A further determination of zero-lift angle, similar to mine, is given by R.T Jones, page 53 of the 1988 publication "Modern Subsonic Aerodynamics". By referring to camber lines of circular or of parabolic form, he fixes the value of the camber high point location at 0.5. In fact, the zero-lift angle varies with the position of the camber high point location. Deleting "at the 50% chord point" fixes this problem. For me, anyway. My own airfoils have a camber line which is part circular, the remainder as for the NACA 4-digit sections.
Abbott and Von Doenhoff also give methods for finding zero-lift angle devised by Munk and Pankhurst. For the airfoils that interest me, these methods do not appear to offer more than the very simple formula above. This text also describes how the various NACA wing sections were designed. The influence and importance of the camber line then becomes very apparent. For the NACA 4 digit sections, the camber line was first chosen, then the thickness form of Clark-Y was wrapped around this camber line. The actual coodinates of the Clark-Y thickness form were
laid out on normals to the camber line. Messy but rigorous.
My own camber line is a pale shadow of the scientific care taken at NACA. I found, along with others, that the NACA sections are too blunt at the leading edge. Even more pragmatically, I could not machine the section profiles into my aluminium moulds. THe sections I use for model props are often as small in chord as 8mm. Since the smallest cutter I can use has 3mm diameter, it became clear that the radius of curvature of the cutter greatly exceeded the radius of curvature of the section, especially at the upper leading edge. This was fixed by adopting a circular camber line with radius of curvature greater than that of the cutter! Hence was born the Supercool 4-digit family of airfoils. You can imagine my delight when team race props using these sections were immediately successful at the European Championships: in fact, the props suddenly became world class performers.
This all made me wonder why designers, such as Selig, Donovan and Fraser, go to such efforts to make subtle changes in airfoil sections. It may be the application that matters. With propellers, the force coefficient for drag is really quite secondary and can almost be ignored.By contrast, glider sections need to have low drag at low angles-of-attack (for speed between thermals), while propeller sections are operated at their best L/D. Even so, I know glider pilots who would rather have Clark-Y in turbulent air conditions than any of the modern laminar flow sections. While I am rattling on, I was in Switzerland recently (2010) and was astonished to see sailplanes flying over the Yungen Frau! Followed soon after by tante Ju! Even crazier, from my backyard in Langnau I watched a sailplane trying to ride the storm fronts passing overhead!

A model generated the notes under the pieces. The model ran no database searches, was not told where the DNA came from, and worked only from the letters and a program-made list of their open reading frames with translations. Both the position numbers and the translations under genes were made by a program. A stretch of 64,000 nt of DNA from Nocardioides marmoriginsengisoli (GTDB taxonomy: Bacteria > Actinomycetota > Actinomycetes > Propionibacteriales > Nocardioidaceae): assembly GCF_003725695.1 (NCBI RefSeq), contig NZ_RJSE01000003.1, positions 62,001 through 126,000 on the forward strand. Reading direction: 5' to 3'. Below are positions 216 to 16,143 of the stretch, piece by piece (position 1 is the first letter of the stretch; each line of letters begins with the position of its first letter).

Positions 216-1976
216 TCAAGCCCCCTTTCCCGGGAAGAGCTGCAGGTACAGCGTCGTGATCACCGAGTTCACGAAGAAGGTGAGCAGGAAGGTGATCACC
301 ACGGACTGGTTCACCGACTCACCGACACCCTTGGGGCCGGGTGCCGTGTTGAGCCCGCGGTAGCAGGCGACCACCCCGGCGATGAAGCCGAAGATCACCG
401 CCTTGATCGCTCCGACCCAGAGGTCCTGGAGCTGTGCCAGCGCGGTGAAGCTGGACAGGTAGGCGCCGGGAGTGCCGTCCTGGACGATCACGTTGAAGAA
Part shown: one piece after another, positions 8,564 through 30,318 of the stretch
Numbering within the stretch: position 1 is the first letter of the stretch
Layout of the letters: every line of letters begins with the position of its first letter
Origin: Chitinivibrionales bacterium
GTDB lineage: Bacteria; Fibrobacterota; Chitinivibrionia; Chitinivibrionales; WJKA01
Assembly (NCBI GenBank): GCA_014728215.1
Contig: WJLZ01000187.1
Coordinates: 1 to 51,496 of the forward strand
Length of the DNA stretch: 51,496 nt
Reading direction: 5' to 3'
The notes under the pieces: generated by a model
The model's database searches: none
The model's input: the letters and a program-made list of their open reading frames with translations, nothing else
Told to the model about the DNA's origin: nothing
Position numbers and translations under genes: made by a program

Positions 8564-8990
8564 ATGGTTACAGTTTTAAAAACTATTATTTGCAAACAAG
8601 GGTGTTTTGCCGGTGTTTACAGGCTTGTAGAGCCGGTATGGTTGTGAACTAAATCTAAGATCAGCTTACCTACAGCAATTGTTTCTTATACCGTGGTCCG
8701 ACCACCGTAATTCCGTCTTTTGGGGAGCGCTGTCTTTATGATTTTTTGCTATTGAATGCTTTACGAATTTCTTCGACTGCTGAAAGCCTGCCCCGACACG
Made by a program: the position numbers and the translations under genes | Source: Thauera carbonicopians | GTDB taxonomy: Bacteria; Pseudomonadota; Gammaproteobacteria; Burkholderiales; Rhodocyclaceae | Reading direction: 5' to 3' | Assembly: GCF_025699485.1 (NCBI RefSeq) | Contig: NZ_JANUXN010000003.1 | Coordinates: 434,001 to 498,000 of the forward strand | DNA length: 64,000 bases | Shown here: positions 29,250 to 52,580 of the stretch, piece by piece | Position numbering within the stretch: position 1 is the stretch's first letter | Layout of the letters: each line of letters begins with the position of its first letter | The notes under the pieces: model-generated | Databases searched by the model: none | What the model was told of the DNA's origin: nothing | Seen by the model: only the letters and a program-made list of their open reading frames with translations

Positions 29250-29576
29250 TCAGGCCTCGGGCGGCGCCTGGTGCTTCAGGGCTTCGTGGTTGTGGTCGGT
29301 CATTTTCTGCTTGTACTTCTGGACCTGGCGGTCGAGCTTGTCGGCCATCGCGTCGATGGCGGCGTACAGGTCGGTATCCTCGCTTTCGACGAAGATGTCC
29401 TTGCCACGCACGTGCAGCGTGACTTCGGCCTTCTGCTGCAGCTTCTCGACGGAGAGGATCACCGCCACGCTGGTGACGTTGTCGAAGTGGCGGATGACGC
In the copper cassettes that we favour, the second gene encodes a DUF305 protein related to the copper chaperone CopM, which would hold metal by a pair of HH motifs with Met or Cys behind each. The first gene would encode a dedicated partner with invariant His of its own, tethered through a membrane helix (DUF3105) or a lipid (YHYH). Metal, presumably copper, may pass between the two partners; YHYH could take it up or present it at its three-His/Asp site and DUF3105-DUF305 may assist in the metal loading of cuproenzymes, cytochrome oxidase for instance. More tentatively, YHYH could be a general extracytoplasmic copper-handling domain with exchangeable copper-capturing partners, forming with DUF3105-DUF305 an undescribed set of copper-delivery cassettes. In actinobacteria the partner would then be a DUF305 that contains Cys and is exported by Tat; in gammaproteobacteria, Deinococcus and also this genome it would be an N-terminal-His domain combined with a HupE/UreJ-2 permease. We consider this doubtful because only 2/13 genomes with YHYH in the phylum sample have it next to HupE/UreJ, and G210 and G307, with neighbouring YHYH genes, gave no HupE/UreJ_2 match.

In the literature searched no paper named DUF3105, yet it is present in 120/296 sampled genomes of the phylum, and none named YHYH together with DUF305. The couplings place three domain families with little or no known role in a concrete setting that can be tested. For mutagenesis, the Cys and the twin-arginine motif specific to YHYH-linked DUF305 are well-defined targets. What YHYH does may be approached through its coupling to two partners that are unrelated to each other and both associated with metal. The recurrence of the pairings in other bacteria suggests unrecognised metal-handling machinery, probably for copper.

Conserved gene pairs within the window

Footnote 2: Godsey and Young in their 1949 publication "Gas Turbines for Aircraft" give a neat empirical formula for the lift-slope. To quote: The slope K of the Cl vs. alpha (in degrees) curves depends principally upon the aspect ratio AR and obeys the empirical relation
K = 0.1/(1+2/AR)
Foot note 3: Propeller efficiency has 2 components, called Profile efficiency and Induced efficiency. These 2 are incompatible. Design attempts to improve one inevitably degrade the other. Thus designing a propeller with maximum induced efficiency, by making the slip constant, does not necessarily produce the propeller of highest efficiency overall. A practical (read: rough and ready) approach is to choose a blade element angle-of-attack which gives the best L/D, and then adjusting the chord to make the slip constant. This would not be very interesting, were it not for the fact my definition of slip cannot produce constant slip along all the blade elements, whereas Larrabee's does.
The failure of my slip appears to be related to the pure geometry of the blade twist. So nothing lost there. But we will revisit this problem in Part 5 of this series, wherein we introduce a computer algorithm for generating the prop design with the most simple set of equations.